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Super (Loud) PACs and Soft-spoken Issue Advocates

Outside groups are spending nearly 1,300 percent more on broadcast advertising for the 2012 election than they did in 2008, according to an analysis released on Jan. 30. This is the clearest demonstration yet that Citizens United v. Federal Election Commission has fundamentally rewritten the rules for political spending.

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Neither Death Nor Certainty for the 501(c)(4) Gift Tax

Anyone keeping tabs on the efforts of the Internal Revenue Service (IRS) to assess gift taxes on major donations to 501(c)(4) organizations should be wondering if the old adage regarding the certainty of death and taxes needs to be updated in the post-Citizens United era.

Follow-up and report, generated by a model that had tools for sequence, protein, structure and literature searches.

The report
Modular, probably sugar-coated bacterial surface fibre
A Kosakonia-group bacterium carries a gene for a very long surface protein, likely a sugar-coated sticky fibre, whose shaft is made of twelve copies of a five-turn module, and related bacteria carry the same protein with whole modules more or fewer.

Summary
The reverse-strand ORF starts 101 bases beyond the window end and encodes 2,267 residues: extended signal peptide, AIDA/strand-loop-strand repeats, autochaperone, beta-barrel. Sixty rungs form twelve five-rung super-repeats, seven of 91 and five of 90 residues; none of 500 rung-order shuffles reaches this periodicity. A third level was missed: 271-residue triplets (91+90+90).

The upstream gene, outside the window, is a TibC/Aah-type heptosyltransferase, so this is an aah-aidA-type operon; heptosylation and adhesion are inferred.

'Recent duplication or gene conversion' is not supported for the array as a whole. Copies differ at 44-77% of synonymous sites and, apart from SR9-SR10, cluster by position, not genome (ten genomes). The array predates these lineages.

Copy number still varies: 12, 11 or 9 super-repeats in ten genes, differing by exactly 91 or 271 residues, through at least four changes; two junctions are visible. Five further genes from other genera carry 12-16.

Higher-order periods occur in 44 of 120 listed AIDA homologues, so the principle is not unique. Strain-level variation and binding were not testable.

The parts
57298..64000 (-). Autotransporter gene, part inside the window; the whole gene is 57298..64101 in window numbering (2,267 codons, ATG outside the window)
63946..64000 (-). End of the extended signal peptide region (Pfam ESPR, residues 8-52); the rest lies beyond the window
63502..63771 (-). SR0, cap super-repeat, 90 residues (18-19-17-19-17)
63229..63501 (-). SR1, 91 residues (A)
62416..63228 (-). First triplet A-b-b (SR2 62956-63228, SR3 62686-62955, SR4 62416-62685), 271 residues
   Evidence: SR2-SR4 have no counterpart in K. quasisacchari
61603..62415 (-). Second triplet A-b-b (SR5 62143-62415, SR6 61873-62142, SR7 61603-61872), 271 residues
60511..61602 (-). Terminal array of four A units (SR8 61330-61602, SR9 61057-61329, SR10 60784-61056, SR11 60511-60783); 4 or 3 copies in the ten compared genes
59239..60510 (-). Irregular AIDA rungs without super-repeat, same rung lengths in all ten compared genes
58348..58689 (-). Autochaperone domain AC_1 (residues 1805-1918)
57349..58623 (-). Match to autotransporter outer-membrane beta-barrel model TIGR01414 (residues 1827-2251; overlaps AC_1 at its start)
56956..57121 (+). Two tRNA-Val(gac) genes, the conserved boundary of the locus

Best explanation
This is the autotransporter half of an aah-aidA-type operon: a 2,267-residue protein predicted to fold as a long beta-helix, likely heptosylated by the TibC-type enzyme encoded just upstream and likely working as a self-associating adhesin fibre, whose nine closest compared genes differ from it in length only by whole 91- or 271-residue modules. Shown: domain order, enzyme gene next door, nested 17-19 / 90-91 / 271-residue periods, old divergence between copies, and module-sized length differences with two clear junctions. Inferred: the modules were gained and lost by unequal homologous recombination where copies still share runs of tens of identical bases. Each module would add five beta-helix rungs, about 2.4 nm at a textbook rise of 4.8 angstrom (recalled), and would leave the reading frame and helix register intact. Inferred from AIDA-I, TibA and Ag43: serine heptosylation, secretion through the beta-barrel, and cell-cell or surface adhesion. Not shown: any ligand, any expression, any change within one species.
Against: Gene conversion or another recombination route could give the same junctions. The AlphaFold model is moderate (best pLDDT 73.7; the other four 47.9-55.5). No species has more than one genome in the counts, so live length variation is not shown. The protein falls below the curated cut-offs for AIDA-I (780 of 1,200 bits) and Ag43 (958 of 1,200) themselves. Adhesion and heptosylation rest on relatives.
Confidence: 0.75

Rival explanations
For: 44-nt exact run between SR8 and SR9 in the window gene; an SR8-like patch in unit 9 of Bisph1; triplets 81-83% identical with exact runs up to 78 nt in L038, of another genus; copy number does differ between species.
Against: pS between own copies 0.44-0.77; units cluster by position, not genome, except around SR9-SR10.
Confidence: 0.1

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Disclosing Dissension: Shareholders Push for More Control of Corporate Political Spending

Although the Federal Election Commission (FEC) is again trying to implement the Citizens United decision, shareholders across the country are refusing to wait for more control over corporate political spending.

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In the Aftermath of Citizens United, Courts Muddy the Waters on Political Engagement

While observers agree that Citizens United v. Federal Election Commission is already transforming the way political campaigns operate, courts cannot seem to agree what the decision truly means.

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FEC Approves Coordination Rule

With a 5-1 vote, the Federal Election Commission (FEC) approved a rule on coordinated communications, to regulate messages that are the "functional equivalent of express advocacy" for or against candidates. This "functional equivalent" language comes from the 2007 Supreme Court decision in Wisconsin Right to Life Inc. v. FEC. A separate provision was voted down and would have covered all messages that "promote, support, attack or oppose" candidates.